Friday, December 10, 2004

5,000 execution in China...that's a lotta rice....

BEIJING -- China carried out nearly 90 per cent of the world's executions last year, putting at least 5,000 people to death, according to an activist group campaigning to end capital punishment.

China is one of 60 countries that still have the death penalty, the Rome-based group Hands Off Cain said in a report issued Friday. It said other governments carried out more than 500 executions.

China's government relies heavily on the death penalty in effort to reassure the public that it is taking action against corruption and rising crime. People are executed for crimes ranging from murder and rape to tax fraud, petty theft and other nonviolent offences.

The figure given by Hands Off Cain for China's executions is higher than those reported by other human rights groups.

Amnesty International said in April that China put 726 people to death last year - nearly two-thirds of all executions reported. But it said that figure was based on incomplete official information and the true number was believed to be much higher.

Iran had the second-highest number of known executions worldwide in 2003 with 154, according to Hands Off Cain. It said that as a proportion of its smaller population, the Islamic Republic "applies capital punishment just as much as China."

Iraq executed at least 113 people before Saddam Hussein's government was toppled April 9, 2003, the group said. The death penalty was suspended during the U.S. administration but restored by the interim government of Prime Minister Ayad Allawi.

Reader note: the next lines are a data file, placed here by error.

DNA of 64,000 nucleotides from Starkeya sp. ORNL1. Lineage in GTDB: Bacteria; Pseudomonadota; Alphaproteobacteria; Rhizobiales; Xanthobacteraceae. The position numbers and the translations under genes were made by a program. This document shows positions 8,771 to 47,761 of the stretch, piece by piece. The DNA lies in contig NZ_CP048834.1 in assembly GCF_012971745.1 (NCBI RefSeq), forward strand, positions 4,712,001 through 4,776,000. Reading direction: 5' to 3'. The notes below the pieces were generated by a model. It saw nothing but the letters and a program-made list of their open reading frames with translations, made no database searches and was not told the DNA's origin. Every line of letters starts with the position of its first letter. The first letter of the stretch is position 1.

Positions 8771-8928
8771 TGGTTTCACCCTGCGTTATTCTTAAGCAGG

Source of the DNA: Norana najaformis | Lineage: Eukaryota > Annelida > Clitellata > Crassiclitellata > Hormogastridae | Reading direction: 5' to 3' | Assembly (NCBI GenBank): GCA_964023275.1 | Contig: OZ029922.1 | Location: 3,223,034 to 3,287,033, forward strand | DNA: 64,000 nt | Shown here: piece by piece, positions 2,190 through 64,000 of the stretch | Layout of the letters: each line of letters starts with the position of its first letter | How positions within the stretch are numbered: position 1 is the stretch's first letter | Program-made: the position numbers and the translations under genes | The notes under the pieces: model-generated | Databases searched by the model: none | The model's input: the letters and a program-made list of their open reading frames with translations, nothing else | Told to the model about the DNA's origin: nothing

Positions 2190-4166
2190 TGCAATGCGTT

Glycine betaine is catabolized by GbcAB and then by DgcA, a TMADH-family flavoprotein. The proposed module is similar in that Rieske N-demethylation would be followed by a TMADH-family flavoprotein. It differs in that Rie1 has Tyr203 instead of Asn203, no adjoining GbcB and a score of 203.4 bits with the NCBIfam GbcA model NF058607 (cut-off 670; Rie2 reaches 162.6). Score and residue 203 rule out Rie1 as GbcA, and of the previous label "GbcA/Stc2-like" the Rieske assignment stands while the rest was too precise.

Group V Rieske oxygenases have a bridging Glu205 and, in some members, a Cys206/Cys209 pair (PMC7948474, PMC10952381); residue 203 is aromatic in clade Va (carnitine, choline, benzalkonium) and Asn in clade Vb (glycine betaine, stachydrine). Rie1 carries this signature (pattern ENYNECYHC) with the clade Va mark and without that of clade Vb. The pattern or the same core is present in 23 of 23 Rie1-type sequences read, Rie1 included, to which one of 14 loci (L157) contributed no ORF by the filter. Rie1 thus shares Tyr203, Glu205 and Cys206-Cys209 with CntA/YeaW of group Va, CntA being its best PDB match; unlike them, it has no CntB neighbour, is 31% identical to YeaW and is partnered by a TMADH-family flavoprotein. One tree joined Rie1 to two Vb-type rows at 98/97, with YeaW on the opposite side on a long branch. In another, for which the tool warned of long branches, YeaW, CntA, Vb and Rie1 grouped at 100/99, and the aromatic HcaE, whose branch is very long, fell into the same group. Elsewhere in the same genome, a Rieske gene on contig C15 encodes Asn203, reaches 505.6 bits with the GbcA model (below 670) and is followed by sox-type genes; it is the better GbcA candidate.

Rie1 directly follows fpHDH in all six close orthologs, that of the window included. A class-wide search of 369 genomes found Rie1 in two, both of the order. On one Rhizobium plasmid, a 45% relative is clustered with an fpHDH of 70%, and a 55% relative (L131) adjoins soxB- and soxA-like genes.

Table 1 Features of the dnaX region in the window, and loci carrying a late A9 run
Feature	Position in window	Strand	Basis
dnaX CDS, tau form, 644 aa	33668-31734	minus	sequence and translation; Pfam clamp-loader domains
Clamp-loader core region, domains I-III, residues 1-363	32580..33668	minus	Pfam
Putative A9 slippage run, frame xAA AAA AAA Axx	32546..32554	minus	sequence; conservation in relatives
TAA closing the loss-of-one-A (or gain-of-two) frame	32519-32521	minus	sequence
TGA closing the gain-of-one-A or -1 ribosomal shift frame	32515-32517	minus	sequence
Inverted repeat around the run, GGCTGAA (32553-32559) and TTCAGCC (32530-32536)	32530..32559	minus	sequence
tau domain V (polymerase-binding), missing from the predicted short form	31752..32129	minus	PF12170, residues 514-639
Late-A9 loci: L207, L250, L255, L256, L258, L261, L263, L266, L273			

Vietnam executed at least 69 people, while the United States put to death 65 people and Saudi Arabia carried out 52 executions, according to Hands Off Cain.

China's Foreign Ministry said earlier this year that the country lacked "conditions to abolish the death penalty." It insisted that Chinese courts were "prudent in the use" of executions.

China has tried in recent years to improve professional standards in its courts. But activists complain that penalties are not applied consistently and that in the midst of anti-crime campaigns, prisoners often can be sentenced to death for offences that weren't capital crimes at the time they were committed.

Under Chinese law, death sentences are automatically appealed, though reversals are rare. Chinese courts use both gunshot and lethal injection and reportedly has executed convicts for offences committed when they were as young as 16.